As a protagonist, Hitomi is probably more realistic than interesting. In fact, “Escaflowne” does not offer much in the way of originality. It does a little philosophizing about luck, destiny and gravity, and a little psychoanalyzing about relationships, trauma and childhood, but much of that inexplicably falls away for an ultimate message of “war is gross.” Not to sound crass, but that’s hardly an innovation. Everyone from the Greeks to Gundam has hit that beat. The philosophizing and psychoanalyzing from earlier were stronger, but they hardly delved as deep as “Evangelion” did the year before.

Nossir, if one were going to watch “Escaflowne,” it would be for the presentation rather than the content. The look and feel of the show is largely unlike anything before or since. I don’t mean the animation, which varies in quality from episode to episode. Sometimes it’s pretty fluid. What I mean is the design.

The environments and character designs are a delightful mashup of all sorts of sources, and the result genuinely feels timeless. Where else or when else are you going to find steampunk mechs, corpulent dragons, Renaissance Italian architecture, World War I helmets, Blade Runner pyramids, ruined jungle temples, eerie doppelgangers and twin sister cat girl assassins who almost make out, all side by side? The soundtrack is likewise eclectic and eccentric, mixing stark atmospheric pieces and driving rhythms with sweeping orchestral movements. It’s good, but Yoko Kanno worked on it, so that’s probably a given.

Everything is helped by the repeated images and breakneck pace–apparently the show was trimmed by a few episodes from its original intended run, but the trimming was done in such a way that nothing narrative was lost. It can feel like you’ll be lost if you miss an episode–if you miss two minutes you can feel lost–but the trade off is it feels like there’s something new every second. This is definitely a point in the show’s favor, since everything looks so intricate and there’s hardly time to notice any flaws, particularly in the first half of the series. The second half, when things start to slow down, is when the show feels less interesting. Or maybe it’s just weepier. At least most of the conveniences that drive the plot are contextualized and the violence returns for the last episode, although the show definitely animates one-on-one duels better than sprawling battles.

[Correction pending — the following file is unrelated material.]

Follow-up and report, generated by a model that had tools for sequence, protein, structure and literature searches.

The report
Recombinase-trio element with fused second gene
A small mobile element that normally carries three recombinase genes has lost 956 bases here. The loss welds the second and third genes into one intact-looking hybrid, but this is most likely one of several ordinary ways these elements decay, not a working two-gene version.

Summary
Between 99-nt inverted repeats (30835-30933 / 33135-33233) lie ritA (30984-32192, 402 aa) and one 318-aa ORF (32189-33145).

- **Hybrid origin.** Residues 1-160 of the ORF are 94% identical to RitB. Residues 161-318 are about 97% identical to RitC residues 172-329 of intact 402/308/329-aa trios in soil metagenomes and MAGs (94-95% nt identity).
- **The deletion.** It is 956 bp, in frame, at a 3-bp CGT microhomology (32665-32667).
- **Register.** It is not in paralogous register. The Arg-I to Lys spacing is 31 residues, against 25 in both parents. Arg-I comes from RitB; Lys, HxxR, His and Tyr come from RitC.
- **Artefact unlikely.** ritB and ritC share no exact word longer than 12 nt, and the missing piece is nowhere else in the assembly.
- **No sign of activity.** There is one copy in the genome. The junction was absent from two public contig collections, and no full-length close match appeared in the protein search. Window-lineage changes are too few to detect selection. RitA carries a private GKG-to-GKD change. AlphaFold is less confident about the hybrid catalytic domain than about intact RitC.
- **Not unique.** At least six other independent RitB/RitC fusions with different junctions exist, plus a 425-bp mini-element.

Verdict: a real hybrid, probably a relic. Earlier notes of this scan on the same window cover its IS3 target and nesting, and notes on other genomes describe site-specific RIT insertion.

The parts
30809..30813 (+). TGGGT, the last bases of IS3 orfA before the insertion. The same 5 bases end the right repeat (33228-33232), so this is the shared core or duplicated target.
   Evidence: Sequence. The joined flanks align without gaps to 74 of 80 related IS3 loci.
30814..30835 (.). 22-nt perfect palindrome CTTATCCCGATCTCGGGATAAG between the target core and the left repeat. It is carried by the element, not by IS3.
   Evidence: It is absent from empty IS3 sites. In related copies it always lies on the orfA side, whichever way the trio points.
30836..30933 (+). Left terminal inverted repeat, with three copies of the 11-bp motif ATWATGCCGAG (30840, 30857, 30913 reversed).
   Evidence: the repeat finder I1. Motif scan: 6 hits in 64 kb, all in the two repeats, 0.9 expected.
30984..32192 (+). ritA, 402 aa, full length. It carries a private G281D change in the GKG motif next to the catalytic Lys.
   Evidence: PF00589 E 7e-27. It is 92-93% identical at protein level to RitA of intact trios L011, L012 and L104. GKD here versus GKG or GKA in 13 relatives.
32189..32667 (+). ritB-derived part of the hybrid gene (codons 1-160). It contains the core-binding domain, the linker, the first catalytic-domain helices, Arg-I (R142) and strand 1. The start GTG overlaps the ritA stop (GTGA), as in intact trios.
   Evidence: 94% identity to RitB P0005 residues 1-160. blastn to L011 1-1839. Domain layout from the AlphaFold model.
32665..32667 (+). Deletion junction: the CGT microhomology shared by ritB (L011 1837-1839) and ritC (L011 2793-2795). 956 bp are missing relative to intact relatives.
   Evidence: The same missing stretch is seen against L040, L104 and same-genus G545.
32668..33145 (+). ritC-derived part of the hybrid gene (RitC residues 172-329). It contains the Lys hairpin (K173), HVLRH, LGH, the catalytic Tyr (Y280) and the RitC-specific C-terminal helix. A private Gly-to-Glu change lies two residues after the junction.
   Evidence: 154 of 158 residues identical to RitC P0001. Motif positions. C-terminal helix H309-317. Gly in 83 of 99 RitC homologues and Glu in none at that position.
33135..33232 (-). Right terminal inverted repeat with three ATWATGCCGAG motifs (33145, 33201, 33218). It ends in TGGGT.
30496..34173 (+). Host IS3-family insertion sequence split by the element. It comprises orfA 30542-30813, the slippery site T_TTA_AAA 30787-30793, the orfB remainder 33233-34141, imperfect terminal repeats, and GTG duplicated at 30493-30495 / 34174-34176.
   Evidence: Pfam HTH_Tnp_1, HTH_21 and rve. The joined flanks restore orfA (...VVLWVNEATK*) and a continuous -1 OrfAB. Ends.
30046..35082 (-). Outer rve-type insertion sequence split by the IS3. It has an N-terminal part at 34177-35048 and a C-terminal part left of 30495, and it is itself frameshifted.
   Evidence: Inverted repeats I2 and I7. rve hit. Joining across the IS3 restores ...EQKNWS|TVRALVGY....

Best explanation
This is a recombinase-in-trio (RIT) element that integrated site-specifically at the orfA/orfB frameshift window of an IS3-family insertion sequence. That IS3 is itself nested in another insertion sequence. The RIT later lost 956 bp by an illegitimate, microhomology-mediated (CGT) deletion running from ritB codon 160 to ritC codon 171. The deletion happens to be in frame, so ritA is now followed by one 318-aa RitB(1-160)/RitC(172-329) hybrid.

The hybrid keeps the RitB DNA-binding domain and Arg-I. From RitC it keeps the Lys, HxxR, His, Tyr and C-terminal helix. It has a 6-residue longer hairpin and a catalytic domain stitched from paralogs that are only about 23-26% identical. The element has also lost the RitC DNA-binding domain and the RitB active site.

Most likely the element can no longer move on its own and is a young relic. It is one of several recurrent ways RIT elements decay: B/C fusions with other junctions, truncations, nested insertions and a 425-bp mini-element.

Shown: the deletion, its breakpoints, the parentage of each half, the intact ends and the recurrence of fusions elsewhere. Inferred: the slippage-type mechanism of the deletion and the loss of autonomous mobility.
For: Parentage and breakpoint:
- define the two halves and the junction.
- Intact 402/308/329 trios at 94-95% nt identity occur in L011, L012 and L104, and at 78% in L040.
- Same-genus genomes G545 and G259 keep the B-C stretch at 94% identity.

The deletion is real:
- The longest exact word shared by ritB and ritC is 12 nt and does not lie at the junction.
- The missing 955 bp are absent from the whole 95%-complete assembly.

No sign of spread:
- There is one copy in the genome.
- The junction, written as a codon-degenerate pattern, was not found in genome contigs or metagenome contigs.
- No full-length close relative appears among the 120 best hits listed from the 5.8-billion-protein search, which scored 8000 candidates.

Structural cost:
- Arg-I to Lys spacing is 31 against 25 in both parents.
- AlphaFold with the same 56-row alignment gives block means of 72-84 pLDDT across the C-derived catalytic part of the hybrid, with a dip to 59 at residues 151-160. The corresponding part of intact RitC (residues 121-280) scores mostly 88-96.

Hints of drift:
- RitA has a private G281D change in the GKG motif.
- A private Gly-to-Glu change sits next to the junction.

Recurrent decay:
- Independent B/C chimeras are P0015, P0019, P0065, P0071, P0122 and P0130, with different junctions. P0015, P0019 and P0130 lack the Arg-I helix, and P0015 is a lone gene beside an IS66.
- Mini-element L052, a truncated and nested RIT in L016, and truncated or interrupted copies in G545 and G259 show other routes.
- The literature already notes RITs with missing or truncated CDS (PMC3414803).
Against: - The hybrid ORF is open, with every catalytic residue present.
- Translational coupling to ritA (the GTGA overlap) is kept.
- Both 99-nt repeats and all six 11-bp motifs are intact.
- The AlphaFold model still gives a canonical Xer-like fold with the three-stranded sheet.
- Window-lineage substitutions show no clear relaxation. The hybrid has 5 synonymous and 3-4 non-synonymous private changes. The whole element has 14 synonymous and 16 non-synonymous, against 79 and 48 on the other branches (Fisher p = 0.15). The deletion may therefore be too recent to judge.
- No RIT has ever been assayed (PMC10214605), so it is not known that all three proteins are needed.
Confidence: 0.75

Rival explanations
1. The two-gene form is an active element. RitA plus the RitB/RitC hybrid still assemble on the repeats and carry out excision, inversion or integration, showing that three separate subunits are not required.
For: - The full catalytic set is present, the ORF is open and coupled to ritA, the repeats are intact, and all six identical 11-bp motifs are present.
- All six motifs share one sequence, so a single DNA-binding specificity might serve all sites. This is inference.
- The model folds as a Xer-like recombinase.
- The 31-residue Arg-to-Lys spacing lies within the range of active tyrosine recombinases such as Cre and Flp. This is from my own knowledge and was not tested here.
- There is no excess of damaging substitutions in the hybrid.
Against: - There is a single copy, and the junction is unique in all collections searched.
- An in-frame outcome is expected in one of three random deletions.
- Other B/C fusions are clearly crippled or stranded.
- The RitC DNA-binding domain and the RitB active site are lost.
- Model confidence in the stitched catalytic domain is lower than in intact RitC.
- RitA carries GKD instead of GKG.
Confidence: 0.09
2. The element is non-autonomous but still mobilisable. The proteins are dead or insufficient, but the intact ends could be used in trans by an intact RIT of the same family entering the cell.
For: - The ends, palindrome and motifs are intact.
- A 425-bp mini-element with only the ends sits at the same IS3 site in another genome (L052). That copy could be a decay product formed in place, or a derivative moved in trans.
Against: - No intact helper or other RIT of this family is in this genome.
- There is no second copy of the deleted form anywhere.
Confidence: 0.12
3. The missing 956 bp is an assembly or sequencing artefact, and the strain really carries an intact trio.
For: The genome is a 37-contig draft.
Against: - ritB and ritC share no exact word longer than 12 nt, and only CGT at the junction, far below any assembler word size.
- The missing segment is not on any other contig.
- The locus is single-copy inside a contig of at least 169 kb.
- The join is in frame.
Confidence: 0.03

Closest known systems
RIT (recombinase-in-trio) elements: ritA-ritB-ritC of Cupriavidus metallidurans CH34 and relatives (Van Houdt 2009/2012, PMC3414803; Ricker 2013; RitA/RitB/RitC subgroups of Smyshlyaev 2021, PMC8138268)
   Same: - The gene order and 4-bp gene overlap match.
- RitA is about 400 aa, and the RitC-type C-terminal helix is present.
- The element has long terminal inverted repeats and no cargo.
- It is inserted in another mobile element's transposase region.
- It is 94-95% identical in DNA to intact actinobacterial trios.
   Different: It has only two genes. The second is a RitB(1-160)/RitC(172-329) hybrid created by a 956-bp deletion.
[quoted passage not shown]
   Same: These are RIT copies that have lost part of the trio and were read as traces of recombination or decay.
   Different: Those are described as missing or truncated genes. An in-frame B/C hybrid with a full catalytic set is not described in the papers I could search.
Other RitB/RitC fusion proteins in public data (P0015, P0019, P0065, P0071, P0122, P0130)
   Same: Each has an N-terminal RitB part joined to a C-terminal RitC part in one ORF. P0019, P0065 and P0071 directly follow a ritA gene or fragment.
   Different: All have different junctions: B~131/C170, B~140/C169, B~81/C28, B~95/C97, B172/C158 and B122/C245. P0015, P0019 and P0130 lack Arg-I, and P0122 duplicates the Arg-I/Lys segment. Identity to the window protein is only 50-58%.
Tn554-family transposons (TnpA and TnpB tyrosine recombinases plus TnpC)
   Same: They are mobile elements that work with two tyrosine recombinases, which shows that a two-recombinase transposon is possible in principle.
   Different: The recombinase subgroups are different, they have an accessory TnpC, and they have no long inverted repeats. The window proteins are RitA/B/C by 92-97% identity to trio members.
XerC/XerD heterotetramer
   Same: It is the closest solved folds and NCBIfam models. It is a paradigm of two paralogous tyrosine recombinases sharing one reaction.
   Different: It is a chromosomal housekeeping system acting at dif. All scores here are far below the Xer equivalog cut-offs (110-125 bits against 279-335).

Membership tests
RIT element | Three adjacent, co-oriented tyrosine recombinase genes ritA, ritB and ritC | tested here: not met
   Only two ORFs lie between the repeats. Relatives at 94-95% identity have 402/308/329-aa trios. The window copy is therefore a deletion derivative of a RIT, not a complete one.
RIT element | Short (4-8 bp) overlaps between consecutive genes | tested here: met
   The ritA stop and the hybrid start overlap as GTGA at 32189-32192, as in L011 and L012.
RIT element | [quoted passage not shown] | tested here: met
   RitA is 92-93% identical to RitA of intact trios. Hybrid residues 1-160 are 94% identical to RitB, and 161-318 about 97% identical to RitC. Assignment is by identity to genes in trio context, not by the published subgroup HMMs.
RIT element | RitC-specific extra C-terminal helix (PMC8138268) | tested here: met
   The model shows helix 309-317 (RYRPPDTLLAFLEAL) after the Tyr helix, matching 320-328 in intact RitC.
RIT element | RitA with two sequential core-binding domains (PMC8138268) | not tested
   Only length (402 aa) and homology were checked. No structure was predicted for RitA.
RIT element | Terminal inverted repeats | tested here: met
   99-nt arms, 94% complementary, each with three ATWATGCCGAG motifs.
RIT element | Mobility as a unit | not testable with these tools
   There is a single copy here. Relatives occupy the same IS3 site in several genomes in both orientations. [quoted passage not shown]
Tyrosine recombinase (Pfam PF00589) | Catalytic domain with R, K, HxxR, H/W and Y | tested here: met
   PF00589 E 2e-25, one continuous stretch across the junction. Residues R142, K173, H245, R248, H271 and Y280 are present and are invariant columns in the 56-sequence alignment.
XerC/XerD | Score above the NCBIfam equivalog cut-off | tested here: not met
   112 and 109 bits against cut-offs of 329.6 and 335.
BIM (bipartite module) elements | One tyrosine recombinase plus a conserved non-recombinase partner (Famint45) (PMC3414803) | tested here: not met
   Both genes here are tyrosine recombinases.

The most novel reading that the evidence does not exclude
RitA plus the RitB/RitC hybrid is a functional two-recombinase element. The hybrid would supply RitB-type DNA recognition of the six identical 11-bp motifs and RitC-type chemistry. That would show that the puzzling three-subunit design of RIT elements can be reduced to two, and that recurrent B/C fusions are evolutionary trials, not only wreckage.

“The Vision of Escaflowne” is everything you’ve heard it is, perhaps even a little less, but it’s still pretty to look at. Everything about it seems familiar but different, and while this blog knows its copying something, it can’t quite figure out what (the show was a flop in Japan, so maybe it left everyone scratching their heads a little). Between the steampunk airships, the fantasy swashbuckling, the high romance and bloody low blows, the closest I can think of is the John Carter of Mars novels by Edgar Rice Burroughs (if John Carter were a high school girl). It’s weird, tonstant weader, but good old anime weird, where the characters had thick outlines, the images were needlessly violent just to succeed on television, and everyone had a nose. It’s not a classic, but it is light classical.